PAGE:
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Illustrated Botanical Flowers

Moons Over Cedar Ridge Psychiatric Hospital in Oklahoma of 2014

cw: psychiatric hospitalization, suicidal ideation, psychosis

Third moon of my life­­­­­—

third psychiatric hospitalization

memory staring into my face.

Notebooks filled with messy

cursive, peel back pages.

One poem survives from a

stay of suicidal ideation.

Coloring pictures while a large

man drools from his mouth—

mouth of mine sealed with

shame as the moods slither

across my face like

snakes after hallucinations—

dead mice bleeding from my

psychosis.

 

Third pills swallowed and

Movement—

Trees outside the geriatric unit.

Memories fragile

like the champagne flutes from

our wedding.

Vows written by ourselves—

with no mentions of these

future hospitalizations.

 

The sickness grappling our marriage

like dead fish floating across

my eyes, swallowing white pill

after white pill.

 

Ten years since the diagnosis—

Peonies ready to bloom in

a silver vase.

Asking My Parents for Forgiveness for My Suicide Attempt

cw: brief description of suicide attempt

Mama cuts hydrangea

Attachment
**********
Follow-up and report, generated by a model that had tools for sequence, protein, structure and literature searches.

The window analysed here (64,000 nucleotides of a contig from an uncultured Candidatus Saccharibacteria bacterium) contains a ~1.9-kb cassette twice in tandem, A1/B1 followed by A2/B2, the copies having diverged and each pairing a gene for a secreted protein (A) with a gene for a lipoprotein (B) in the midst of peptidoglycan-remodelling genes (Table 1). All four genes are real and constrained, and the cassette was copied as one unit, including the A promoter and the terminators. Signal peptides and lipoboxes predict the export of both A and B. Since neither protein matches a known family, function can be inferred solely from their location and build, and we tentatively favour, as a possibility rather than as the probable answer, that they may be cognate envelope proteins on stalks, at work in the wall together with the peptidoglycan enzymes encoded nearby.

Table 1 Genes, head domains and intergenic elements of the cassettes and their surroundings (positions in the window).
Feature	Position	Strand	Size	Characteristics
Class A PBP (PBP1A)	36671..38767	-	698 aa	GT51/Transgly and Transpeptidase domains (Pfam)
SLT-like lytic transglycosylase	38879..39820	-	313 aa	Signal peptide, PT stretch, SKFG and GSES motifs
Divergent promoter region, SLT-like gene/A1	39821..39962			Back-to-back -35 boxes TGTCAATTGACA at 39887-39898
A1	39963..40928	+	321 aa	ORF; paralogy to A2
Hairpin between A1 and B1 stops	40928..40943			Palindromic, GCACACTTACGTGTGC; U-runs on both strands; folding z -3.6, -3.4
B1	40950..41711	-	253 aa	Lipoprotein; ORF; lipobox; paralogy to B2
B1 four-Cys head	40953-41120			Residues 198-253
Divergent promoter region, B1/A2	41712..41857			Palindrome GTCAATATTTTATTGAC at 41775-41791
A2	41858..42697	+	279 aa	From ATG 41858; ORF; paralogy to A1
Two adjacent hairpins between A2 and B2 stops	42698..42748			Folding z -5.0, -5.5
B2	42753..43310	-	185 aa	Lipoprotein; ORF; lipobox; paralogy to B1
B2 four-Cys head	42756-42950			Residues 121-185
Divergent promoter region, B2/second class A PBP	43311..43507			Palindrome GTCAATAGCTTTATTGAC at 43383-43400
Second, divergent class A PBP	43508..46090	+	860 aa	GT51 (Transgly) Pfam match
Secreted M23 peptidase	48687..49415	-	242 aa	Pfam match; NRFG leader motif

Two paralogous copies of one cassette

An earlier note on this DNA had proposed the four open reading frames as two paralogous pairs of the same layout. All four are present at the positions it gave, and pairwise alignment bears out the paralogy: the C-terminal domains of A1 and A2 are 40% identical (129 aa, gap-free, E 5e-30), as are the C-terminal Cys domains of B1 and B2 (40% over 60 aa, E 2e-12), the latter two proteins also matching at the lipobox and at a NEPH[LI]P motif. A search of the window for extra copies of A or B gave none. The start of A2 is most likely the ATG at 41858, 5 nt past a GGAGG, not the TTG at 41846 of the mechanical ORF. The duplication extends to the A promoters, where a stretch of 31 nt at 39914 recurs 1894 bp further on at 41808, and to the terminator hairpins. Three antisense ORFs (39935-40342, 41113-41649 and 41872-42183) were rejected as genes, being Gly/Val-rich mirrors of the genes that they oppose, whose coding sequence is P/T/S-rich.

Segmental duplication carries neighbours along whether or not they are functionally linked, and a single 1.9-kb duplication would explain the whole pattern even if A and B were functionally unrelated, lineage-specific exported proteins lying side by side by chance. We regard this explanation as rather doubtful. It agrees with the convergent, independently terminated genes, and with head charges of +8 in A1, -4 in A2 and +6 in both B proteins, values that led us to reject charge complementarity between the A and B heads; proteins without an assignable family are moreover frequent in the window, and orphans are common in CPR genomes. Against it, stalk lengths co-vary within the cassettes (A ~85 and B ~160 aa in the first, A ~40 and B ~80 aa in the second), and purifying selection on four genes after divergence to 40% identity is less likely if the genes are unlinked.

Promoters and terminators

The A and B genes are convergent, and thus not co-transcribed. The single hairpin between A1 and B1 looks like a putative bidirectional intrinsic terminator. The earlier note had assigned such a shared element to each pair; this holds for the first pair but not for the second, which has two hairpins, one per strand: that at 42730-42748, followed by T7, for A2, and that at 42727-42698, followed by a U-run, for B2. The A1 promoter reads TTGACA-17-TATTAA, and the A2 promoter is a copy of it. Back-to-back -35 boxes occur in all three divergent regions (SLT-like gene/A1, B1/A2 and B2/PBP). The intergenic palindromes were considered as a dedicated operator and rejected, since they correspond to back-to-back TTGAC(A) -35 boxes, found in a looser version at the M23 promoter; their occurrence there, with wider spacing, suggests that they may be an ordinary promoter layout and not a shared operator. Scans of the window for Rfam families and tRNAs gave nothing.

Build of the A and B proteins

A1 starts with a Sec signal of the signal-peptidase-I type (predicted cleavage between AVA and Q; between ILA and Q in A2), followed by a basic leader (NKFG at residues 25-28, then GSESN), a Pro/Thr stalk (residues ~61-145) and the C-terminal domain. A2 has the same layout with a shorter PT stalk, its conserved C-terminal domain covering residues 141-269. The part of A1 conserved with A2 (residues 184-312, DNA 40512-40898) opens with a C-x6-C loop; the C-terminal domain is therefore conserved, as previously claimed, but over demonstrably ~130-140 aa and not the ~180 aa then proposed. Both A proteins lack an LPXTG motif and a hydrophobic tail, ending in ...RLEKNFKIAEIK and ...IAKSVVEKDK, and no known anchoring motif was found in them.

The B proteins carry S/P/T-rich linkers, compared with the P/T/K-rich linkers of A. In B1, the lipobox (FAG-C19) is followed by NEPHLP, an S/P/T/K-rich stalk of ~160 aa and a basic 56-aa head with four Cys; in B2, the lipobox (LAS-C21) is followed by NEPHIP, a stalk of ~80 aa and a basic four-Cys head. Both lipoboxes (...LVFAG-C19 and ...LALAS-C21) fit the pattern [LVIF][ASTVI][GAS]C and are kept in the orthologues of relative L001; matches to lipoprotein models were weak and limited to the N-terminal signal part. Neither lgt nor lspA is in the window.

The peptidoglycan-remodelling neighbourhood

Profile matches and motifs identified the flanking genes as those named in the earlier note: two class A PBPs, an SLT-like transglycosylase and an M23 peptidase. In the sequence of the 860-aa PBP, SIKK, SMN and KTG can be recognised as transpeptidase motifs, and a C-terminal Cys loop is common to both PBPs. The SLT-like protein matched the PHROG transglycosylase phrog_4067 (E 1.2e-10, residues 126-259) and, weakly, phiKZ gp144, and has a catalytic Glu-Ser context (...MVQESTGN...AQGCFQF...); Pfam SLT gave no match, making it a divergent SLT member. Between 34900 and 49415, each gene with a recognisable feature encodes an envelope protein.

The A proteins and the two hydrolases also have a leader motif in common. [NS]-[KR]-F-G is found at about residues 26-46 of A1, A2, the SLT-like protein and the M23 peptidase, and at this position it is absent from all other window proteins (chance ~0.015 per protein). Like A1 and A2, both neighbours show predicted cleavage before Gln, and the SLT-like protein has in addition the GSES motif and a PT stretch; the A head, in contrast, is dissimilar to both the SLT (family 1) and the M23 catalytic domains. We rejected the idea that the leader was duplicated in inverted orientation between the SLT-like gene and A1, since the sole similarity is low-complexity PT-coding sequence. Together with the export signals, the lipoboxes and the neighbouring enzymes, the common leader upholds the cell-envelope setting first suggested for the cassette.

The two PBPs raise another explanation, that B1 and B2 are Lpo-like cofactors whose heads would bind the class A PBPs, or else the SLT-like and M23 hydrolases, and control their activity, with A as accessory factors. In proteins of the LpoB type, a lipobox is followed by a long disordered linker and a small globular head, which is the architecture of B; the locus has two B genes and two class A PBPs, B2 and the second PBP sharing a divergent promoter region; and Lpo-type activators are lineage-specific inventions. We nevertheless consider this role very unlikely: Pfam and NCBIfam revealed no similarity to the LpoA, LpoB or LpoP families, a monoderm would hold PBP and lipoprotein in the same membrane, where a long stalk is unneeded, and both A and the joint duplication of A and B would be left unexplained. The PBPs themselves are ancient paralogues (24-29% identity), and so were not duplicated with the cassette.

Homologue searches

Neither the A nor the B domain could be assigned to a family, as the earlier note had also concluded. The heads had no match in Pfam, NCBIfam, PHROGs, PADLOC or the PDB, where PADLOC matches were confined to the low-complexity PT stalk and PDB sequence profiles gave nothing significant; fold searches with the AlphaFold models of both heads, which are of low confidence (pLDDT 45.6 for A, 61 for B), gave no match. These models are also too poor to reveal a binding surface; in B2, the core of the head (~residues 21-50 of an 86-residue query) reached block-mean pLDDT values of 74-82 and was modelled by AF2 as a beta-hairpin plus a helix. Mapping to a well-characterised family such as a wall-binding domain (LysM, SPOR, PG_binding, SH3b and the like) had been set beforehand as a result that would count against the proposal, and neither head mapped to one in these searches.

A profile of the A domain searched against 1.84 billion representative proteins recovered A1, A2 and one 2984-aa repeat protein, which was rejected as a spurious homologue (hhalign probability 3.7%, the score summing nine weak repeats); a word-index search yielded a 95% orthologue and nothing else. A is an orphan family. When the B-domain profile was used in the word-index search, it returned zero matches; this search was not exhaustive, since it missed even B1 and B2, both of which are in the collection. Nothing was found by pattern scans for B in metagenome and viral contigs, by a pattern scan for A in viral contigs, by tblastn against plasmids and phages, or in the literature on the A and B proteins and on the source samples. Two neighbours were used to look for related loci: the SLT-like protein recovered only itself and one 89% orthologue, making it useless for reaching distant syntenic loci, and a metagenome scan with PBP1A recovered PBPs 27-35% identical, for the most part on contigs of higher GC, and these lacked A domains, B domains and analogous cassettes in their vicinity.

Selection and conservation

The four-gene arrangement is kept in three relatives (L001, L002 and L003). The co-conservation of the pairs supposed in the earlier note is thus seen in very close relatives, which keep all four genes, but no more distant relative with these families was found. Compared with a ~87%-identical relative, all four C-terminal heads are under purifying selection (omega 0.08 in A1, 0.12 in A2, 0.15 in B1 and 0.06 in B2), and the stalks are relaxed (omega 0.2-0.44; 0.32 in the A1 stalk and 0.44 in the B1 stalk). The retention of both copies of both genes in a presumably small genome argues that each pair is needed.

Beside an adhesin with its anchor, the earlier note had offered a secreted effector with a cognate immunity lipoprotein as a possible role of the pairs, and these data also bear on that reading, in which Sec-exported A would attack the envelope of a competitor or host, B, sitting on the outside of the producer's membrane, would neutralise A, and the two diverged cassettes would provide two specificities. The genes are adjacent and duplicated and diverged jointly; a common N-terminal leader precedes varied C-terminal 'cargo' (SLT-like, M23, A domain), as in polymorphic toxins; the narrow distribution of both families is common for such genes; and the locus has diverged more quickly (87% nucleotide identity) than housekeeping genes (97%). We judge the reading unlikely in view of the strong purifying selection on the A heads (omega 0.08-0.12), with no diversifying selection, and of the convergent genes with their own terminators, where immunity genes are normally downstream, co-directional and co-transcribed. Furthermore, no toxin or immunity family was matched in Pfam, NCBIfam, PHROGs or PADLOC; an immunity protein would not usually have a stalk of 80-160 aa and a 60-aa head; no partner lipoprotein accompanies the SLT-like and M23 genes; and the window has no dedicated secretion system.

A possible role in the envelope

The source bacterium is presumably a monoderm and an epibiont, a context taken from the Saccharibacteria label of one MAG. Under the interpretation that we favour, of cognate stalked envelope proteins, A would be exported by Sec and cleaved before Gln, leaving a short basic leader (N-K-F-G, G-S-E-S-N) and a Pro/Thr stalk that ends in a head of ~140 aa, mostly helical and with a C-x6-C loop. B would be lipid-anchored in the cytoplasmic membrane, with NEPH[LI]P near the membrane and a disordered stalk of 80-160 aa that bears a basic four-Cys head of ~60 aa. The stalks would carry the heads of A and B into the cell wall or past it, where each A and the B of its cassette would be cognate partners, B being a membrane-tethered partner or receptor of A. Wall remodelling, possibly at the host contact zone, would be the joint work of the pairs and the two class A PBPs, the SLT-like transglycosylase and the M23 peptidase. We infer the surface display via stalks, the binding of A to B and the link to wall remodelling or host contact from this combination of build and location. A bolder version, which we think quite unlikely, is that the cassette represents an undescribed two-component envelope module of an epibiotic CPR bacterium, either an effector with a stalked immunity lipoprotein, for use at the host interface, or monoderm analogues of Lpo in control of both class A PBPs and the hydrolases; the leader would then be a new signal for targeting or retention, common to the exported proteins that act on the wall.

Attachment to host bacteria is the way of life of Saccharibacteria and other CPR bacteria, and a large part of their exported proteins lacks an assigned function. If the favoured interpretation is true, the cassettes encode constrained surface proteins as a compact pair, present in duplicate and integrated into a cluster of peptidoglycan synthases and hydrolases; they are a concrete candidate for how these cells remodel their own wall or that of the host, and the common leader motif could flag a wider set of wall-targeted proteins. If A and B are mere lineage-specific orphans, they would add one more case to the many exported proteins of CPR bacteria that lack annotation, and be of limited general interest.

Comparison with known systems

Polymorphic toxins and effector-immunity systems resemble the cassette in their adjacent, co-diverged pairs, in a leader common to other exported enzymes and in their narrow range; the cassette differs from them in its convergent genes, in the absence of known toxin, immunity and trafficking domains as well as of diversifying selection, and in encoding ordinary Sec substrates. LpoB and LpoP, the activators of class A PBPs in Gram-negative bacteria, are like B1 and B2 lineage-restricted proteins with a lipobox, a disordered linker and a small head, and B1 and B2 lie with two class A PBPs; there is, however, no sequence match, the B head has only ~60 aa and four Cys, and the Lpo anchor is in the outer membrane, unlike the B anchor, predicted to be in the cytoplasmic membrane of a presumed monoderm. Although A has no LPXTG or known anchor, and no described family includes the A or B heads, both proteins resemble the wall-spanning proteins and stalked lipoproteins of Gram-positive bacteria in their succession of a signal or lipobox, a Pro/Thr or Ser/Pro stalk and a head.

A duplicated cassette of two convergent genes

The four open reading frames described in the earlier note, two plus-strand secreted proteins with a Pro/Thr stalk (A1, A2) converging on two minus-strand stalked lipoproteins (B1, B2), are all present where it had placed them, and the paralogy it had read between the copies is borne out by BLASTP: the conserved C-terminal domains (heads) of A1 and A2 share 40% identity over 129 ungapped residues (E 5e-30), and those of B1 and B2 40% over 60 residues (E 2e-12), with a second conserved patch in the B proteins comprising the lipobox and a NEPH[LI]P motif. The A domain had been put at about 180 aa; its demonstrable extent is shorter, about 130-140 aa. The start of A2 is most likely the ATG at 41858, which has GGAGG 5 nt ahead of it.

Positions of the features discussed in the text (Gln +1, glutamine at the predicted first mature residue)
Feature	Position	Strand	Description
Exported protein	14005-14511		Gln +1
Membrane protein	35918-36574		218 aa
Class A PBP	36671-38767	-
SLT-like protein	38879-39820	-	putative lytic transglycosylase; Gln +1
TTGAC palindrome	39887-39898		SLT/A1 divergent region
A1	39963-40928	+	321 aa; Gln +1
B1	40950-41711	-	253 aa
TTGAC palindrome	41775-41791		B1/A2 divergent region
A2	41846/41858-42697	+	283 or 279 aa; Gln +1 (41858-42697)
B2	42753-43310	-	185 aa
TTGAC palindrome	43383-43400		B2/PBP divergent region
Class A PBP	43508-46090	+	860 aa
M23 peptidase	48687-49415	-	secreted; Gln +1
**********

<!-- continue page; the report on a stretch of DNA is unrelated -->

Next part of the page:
blooms placing them in

slim rooters

cistern under the house

sings my fears.

 

The swallowed sleeping

pills were sky blue

and the hospitalization

wears on my chest

like the pale pink roses

from my wedding.

 

Do you forgive me for

not answering the phone

in Mississippi spring

golden pollen like shame

coating my throat.

 

That Easter of mixed episode

resides in my mind like

flies to the carcass

a buzz of mosquitoes in

my brain I cannot flick

away.

My Therapist Reminds Me to Write a Letter to Myself

Shaking out curtains like

standing against currents

the house our desperate relief

from the weathering of wills—

I have seen your will but I still

do not know what you want after

death.

Cold milk touches our daughters’

tongues and I slip into a floral print

dress and smear pink lipstick across

the lips you kissed last night.

 

My therapist says the depressive

episodes sneak up on me— the last

one seems months ago.

The episodes worm into my brain

even in the brightest sunshine

the awakening of spirits of thoughts

from the greatest silence that now

roars into our bedroom.

The episodes cause me to grovel

before the smallest incidents of

my mind and thoughts rage into

the day.

The owl rushes into the evergreen

and I cannot trust myself to drive

further.

CELESTE SCHUELER was born and raised in Mississippi but now resides in the Pacific Northwest. She has her BA in English and MFA in creative writing from Mississippi University for Women. Most of her poetry and essays stem from living with bipolar disorder and raising her twin daughters. She has been published in FERAL Journal, Stone Circle Review, Rooted Magazine, and MID/SOUTH SONNETS, an anthology from Belle Point Press. She was nominated for a Pushcart Prize in 2023. She loves spending time with her spouse and their children, her three-legged dog, and baking bundt cakes when she’s not reading books or writing poems.

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